Let men cease to complain and criticize, and do their appointed work. Let them be guided by the Lord. Then the different parts of the work of God, varied in kind and brought together by Christ, the Master-worker, will be found to fit perfectly.13MR 375.1

    We are in danger of encouraging one another to lean upon human aid. It is only too true that man has educated himself to look to man for directions and guidance in spiritual service. Why cannot each man and each woman fill the place given them, with the realization that if they ask for directions, seeking God for help, He will give liberally, and upbraid not. Then men will not lean upon men, but upon God, and from Him they would receive intelligence and keen perceptions.13MR 375.2

    There should be perfect unity among us, but this can never be until we all draw our strength from Him who can supply every need.13MR 375.3

    Let us not place man where God should be. Let God's people expect everything from Him through Christ, believing that they will receive power from the highest Source of power. Then we shall have grace to impart, because of the grace so richly given in response to the earnest, sincere prayer of faith.13MR 375.4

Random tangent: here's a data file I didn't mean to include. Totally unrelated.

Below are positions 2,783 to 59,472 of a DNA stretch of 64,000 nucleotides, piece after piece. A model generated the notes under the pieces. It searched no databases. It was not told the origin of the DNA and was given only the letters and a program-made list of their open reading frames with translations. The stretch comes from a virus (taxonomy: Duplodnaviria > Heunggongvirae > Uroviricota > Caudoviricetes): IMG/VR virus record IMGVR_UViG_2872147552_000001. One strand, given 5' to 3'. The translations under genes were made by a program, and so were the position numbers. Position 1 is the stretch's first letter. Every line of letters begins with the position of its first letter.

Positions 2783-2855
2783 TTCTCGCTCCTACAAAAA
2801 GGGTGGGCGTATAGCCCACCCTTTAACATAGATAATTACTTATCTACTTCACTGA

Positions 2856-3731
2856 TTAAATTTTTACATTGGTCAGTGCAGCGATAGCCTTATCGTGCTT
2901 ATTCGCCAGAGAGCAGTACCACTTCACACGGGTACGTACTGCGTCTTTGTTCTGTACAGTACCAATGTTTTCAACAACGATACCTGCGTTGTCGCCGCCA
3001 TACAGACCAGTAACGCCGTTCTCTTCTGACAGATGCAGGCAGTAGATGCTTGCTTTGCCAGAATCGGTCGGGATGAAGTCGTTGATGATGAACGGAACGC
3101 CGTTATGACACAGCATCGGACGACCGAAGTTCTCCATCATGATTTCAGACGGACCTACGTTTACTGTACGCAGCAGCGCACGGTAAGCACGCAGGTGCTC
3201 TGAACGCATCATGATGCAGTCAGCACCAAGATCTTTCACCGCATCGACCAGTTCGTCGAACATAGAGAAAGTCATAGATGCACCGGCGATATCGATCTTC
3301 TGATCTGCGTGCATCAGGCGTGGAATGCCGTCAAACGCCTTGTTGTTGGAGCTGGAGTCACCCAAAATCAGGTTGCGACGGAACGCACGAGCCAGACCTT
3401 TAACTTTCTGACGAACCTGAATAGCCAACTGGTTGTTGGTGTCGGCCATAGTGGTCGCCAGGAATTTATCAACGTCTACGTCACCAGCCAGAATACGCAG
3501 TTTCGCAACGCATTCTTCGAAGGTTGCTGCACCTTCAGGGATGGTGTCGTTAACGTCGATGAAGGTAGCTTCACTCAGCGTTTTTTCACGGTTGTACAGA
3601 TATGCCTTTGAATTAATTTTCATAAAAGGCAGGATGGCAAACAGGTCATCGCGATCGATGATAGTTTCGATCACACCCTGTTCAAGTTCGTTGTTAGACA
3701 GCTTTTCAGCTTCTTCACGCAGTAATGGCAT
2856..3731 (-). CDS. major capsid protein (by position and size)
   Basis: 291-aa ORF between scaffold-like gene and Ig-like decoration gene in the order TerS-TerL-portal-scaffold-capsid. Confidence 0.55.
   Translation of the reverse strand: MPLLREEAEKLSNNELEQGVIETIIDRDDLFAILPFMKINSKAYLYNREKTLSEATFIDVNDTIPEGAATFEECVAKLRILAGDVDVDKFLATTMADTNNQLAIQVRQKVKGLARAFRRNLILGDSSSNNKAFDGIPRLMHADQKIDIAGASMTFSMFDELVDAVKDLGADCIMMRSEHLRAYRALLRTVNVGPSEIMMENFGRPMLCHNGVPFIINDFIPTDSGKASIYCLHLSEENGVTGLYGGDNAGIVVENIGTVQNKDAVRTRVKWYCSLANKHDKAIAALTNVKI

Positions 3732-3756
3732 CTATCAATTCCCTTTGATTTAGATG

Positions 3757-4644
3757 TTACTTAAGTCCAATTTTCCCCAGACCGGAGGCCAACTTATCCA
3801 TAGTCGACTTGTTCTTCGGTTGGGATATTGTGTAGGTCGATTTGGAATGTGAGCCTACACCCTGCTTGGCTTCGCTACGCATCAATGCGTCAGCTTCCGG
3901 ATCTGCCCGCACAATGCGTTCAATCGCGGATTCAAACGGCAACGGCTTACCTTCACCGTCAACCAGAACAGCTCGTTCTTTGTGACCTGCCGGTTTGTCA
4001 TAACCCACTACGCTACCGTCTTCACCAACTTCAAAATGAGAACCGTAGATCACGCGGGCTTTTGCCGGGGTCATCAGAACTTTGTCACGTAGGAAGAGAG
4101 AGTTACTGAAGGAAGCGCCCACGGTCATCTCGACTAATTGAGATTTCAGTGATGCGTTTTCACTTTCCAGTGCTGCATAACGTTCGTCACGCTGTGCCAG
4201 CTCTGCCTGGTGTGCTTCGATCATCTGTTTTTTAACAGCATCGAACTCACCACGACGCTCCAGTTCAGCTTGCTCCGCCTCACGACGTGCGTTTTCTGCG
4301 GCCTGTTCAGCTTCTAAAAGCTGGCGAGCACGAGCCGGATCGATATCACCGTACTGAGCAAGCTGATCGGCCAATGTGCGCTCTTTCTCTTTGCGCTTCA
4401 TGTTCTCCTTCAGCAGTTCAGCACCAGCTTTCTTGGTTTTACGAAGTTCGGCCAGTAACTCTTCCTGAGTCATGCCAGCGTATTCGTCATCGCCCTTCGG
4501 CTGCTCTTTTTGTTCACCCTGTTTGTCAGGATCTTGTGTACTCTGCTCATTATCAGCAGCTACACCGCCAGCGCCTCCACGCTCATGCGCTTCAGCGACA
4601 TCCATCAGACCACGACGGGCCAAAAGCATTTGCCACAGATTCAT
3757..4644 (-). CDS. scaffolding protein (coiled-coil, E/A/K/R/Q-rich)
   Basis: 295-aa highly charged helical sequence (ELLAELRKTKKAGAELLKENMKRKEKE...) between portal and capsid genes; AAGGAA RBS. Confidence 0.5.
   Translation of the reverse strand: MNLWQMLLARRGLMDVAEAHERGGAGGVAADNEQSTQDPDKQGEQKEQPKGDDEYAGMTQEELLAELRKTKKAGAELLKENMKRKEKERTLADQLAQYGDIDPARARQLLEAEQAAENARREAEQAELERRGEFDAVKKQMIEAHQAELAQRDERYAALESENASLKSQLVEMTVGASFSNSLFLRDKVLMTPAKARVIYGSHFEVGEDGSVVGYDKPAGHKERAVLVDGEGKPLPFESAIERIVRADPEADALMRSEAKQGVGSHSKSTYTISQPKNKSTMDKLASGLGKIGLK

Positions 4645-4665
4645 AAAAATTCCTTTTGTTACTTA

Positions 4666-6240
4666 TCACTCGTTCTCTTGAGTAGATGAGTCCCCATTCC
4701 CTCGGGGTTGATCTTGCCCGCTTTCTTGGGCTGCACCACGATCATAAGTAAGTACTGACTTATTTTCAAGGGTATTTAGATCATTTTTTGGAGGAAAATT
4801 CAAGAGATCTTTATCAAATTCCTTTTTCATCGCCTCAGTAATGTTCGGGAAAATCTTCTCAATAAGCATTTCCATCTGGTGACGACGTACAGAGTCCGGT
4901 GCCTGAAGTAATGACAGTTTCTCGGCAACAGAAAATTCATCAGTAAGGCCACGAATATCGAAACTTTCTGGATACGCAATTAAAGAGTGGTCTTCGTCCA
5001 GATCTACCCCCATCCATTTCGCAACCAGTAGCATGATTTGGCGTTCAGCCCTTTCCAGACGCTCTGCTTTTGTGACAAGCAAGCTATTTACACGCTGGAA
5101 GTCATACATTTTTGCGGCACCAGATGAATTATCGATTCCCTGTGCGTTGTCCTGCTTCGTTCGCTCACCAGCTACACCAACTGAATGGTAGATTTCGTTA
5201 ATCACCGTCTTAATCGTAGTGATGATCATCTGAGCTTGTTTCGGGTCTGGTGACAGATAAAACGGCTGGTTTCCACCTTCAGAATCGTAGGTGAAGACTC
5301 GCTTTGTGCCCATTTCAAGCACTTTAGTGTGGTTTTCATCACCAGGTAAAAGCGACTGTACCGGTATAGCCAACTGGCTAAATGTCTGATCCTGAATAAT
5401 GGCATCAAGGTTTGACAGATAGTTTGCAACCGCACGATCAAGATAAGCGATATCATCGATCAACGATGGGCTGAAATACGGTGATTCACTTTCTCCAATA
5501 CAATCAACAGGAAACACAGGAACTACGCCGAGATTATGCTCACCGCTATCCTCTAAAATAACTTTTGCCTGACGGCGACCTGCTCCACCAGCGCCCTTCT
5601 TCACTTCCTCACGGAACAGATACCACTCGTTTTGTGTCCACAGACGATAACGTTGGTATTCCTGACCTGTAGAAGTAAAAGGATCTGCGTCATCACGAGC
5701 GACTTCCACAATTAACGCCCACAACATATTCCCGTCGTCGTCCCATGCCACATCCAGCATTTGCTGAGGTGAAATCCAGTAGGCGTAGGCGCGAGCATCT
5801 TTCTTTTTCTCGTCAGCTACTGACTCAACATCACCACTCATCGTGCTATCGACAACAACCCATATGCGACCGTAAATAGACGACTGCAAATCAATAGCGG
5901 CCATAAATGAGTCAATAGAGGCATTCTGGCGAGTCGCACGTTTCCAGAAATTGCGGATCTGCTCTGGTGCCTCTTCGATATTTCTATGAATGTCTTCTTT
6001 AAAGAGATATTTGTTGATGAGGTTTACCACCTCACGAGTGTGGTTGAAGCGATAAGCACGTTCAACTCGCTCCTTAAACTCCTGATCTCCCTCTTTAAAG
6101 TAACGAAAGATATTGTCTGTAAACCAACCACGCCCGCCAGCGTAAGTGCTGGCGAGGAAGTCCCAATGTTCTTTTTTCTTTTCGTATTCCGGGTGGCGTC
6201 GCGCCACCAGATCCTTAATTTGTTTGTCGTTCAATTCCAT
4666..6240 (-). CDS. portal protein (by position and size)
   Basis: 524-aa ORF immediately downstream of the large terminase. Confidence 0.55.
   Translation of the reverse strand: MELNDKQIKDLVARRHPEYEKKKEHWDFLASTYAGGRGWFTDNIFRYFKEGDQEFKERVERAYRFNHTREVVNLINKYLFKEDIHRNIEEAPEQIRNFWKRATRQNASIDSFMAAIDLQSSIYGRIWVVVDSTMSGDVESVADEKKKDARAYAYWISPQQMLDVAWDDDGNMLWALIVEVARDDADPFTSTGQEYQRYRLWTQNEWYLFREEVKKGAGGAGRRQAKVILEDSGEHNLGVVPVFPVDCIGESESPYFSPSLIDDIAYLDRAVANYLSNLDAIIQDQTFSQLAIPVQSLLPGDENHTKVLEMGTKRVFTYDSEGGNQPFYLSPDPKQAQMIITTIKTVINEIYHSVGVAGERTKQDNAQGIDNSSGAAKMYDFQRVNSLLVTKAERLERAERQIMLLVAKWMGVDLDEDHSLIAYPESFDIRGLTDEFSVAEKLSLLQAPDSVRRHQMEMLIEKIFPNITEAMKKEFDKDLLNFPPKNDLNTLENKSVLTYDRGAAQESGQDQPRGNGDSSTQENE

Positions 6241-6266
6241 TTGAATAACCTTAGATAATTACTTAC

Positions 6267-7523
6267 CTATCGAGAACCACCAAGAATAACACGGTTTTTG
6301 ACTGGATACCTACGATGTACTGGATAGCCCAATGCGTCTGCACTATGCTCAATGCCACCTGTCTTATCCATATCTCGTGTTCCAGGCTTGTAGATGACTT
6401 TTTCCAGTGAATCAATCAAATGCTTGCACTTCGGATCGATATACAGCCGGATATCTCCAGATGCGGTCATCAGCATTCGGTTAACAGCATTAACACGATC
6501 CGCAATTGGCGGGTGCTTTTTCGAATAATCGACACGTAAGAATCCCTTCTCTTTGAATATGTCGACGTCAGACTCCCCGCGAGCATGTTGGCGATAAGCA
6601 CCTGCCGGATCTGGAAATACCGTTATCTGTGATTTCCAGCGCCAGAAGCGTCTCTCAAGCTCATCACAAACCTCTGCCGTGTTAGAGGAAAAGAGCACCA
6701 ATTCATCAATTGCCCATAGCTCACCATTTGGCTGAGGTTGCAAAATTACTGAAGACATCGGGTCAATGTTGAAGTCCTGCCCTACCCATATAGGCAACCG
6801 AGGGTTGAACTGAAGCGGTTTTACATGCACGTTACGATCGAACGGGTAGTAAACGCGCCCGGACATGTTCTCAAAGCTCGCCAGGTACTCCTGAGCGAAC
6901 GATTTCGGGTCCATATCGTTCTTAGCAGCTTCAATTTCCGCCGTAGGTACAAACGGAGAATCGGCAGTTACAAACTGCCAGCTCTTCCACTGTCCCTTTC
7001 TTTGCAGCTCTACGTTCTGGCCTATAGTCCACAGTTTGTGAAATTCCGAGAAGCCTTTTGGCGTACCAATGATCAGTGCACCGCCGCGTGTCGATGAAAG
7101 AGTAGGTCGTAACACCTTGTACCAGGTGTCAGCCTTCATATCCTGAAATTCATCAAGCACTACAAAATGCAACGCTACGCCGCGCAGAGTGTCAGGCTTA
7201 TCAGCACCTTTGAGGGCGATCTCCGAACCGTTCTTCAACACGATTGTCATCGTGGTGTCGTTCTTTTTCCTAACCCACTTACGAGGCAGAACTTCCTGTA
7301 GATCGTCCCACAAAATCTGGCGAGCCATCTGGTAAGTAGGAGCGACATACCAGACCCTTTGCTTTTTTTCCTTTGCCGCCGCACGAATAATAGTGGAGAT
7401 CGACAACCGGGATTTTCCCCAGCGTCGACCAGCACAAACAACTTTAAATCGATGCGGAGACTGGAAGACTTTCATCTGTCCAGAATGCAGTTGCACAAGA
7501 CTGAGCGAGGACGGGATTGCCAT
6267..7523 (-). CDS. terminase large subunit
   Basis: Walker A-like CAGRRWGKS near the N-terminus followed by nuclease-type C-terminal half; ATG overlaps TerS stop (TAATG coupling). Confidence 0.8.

Christ is close at hand. “We are laborers together with God.” The way to the throne of grace is open. Christ will teach every one who asks for wisdom, how to accomplish his work with exactitude, so that it will be in harmony with the work placed in other hands.13MR 375.5

    Let every church member depend on the strong arm that will never weaken or fail. Lean your whole weight on Christ. Build your house on the sure foundation. Go forth in the power of the grace of God, quickened and sanctified, and inspired by His precepts and promises. Go forth as heralds of the gospel. Enter into no controversy, and engage in no contention. [This counsel arrived on the day our leading ministers in New Zealand were publicly challenged to a debate. At first they thought they should accept the challenge, but turned away from it after reading this letter. For details, see Australasian Union Conference Record, March 15, 1903, or S. R. Goldstone, Nothing to Fear, pp. 54-56. Goldstone's book was published by the North New Zealand Conference in 1983.] Lift up the standard of truth; yes, lift it up. We have a Leader to whom has been promised all power—power against which the energies of earth and hell cannot prevail. Remember that the best way to combat error is to present truth.13MR 375.6

    Let us shun profane and vain babblings, and hold forth the word of life. Do not dwell on the objections advanced by those who oppose the truth. Speak the truth in simplicity. Let no word be spoken that will wound and bruise hearts.13MR 376.1

    “It is written”—the word of the living God—this is your weapon. What wonderful comparisons are made in the Scriptures to describe the truth! It is “the sword of the Spirit,” “sharper than any two-edged sword.” It is the “sharp arrow,” by which the wicked are slain. It is “the power of God unto salvation.” [At the end of the typed copy, Ellen White wrote, “Not completed.”]—Letter 203, 1902.13MR 376.2

    Ellen G. White Estate

    Washington, D. C.,

    July 19, 1984.

    Entire Letter Released.